True crowdfunding has worked really well in numerous documented cases where ordinary people (and by ordinary I mean tech savvy people) looked to help other ordinary people complete a project. Sometimes it’s a personal project like raising money to pay medical bills (over $143,000 for a victim of the Aurora Colorado shooting), while other times it’s a business project to raise money to build a better mouse trap (over $2,000 for a dry composting toilet). In the former case, the donor may get back a warm and fuzzy feeling; in the latter case a donor may get back a right to buy the better mousetrap (or dry composting toilet) at a discount (if its ever produced), or some other tchotchke to thank the donors for their money. That all works really well thanks to the Internet and tech savvy ordinary people. Of course, we don’t know if there really is a sick person or better mousetrap (dry composting toilet) involved at all, and there is no cop (or plumber) on the beat to check.
Before the JOBS Act (Jumpstart Our Business Startups Act), one could not offer the crowdfunding donors an ownership or equity interest in a business project in exchange for their money because that “interest” is considered to be a “security,” the offer or sale of which is heavily regulated by federal and state law. With the JOBS Act, however, Congress sought to create a securities law crowdfunding exemption that permits the use of the Internet to raise a limited amount of capital from an unlimited number of ordinary people who then get back an equity ownership interest in the business project. But the devil is in the details and those details have doomed equity crowdfunding in my view.
For example, the intermediary requirement to use a registered broker-dealer or “funding portal” is a kiss of death. It’s hard to imagine many registered broker-dealers becoming crowdfunding intermediaries in view of the small dollar amounts involved. Moreover, the restrictions, reporting requirements and affirmative duties imposed on funding portals are so onerous that it's unlikely many, if any, will emerge. In this regard, funding portals will be required to undertake a measure of due diligence to positively affirm that each and every of the ordinary people investors understands the risks of the investment, can bear the loss of the entire investment, and is otherwise educated in similar investment transactions. In addition, before a funding portal is permitted to sell securities under the crowdfunding exemption, the funding portal must first conduct a background and securities enforcement regulatory history check on each officer and director of the business project issuer, as well as each holder of more than 20 percent of the equity ownership of the business project issuer. The funding portal must also ensure that the proceeds from the crowdfunding are not sent to the business project issuer until the specified target offering amount has been reached.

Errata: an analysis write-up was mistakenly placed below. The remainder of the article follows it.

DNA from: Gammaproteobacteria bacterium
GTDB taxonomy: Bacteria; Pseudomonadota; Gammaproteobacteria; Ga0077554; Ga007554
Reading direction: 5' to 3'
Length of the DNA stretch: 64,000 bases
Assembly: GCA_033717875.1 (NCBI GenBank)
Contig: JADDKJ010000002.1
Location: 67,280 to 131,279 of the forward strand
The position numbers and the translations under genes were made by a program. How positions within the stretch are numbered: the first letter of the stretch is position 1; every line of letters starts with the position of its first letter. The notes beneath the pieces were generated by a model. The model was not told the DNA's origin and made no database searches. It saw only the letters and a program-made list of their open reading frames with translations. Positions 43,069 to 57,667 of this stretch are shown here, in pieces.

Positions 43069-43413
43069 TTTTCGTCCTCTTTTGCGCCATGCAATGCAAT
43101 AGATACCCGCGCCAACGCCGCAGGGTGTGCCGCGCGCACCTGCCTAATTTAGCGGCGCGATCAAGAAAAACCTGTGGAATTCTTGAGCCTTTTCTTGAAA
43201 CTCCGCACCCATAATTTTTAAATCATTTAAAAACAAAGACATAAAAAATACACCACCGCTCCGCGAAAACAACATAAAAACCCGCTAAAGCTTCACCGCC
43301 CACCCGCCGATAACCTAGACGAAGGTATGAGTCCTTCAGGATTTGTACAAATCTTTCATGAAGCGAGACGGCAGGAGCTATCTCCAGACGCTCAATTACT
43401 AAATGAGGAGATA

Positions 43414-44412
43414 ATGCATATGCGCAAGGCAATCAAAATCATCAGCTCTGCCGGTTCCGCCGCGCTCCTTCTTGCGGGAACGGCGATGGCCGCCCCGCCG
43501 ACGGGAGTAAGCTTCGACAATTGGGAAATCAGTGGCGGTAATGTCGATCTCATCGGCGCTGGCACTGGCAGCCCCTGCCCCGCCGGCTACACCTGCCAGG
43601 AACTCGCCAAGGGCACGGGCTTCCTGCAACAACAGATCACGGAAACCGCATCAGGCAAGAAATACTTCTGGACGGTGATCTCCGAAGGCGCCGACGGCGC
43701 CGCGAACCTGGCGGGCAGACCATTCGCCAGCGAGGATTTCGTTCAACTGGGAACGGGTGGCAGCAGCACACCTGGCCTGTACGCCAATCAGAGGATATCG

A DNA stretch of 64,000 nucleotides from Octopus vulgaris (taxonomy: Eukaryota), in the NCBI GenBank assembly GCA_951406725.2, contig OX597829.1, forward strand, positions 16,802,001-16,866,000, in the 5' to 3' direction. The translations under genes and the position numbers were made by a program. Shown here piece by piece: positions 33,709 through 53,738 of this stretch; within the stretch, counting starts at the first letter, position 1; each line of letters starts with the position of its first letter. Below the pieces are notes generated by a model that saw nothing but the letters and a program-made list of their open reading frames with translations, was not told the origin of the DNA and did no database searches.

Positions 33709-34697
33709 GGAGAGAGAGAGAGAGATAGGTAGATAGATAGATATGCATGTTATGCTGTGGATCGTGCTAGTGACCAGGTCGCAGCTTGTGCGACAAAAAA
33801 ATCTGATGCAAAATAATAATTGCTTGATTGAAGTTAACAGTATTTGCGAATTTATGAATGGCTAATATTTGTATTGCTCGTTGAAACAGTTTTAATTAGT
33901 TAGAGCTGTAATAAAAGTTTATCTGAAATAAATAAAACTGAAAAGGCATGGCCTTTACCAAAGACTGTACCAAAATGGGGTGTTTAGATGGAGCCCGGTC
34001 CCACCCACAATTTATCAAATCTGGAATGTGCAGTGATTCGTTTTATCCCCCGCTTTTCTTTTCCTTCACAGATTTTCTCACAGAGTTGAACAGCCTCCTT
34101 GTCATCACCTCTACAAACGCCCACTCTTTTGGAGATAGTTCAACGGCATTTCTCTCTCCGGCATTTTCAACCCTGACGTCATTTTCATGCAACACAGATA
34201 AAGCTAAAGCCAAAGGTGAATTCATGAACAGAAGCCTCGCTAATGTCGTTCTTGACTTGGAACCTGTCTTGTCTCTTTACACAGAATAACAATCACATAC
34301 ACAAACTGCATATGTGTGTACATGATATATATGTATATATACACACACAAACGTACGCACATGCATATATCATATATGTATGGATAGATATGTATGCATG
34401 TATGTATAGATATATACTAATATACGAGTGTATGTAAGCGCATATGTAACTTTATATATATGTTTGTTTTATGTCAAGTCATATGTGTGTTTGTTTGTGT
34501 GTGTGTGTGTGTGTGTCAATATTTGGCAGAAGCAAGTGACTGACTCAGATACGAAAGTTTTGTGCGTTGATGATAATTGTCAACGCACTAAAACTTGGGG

Further, similarly onerous are the pre-sale disclosure obligations imposed on the business project issuer (that must be filed with the SEC), as well as annual SEC disclosure filing obligations. In addition to the names, addresses and ownership interests of the officers and directors of the business project issuer, description of the business project and use of proceeds, and description of the ownership and capital structure of the business project issuer, the business project issuer must also provide a description of its financial condition, including its tax returns for offerings under $100,000 and audited financial statements for offerings over $500,000. Again, it seems unlikely that many business project issuers will go to the trouble and expense to provide all of that information for a relatively small capital raise using the equity crowdfunding exemption.
Time will tell, but until the SEC and Financial Industry Regulatory Authority (“FINRA”) propose and adopt rules defining the crowdfunding exemption, there is nothing to tell – it’s still illegal to sell securities using a crowdfunding technique.
Nevertheless, on January 10, 2013, FINRA invited prospective funding portals to voluntarily submit information to it, at no cost and on a confidential basis, about their proposed business models, activities and operations. The purpose of the information collection on FINRA’s “Interim Form for Funding Portals,” is to help FINRA become more familiar with the funding portal community and to assist it in developing rules specific to funding portals. Completion of the Interim Form will not result in FINRA membership or the ability to legally intermediate crowdfunding transactions. Voluntary filers of the Interim Form will still need to complete a new membership application form once the SEC and FINRA rules are proposed and become effective.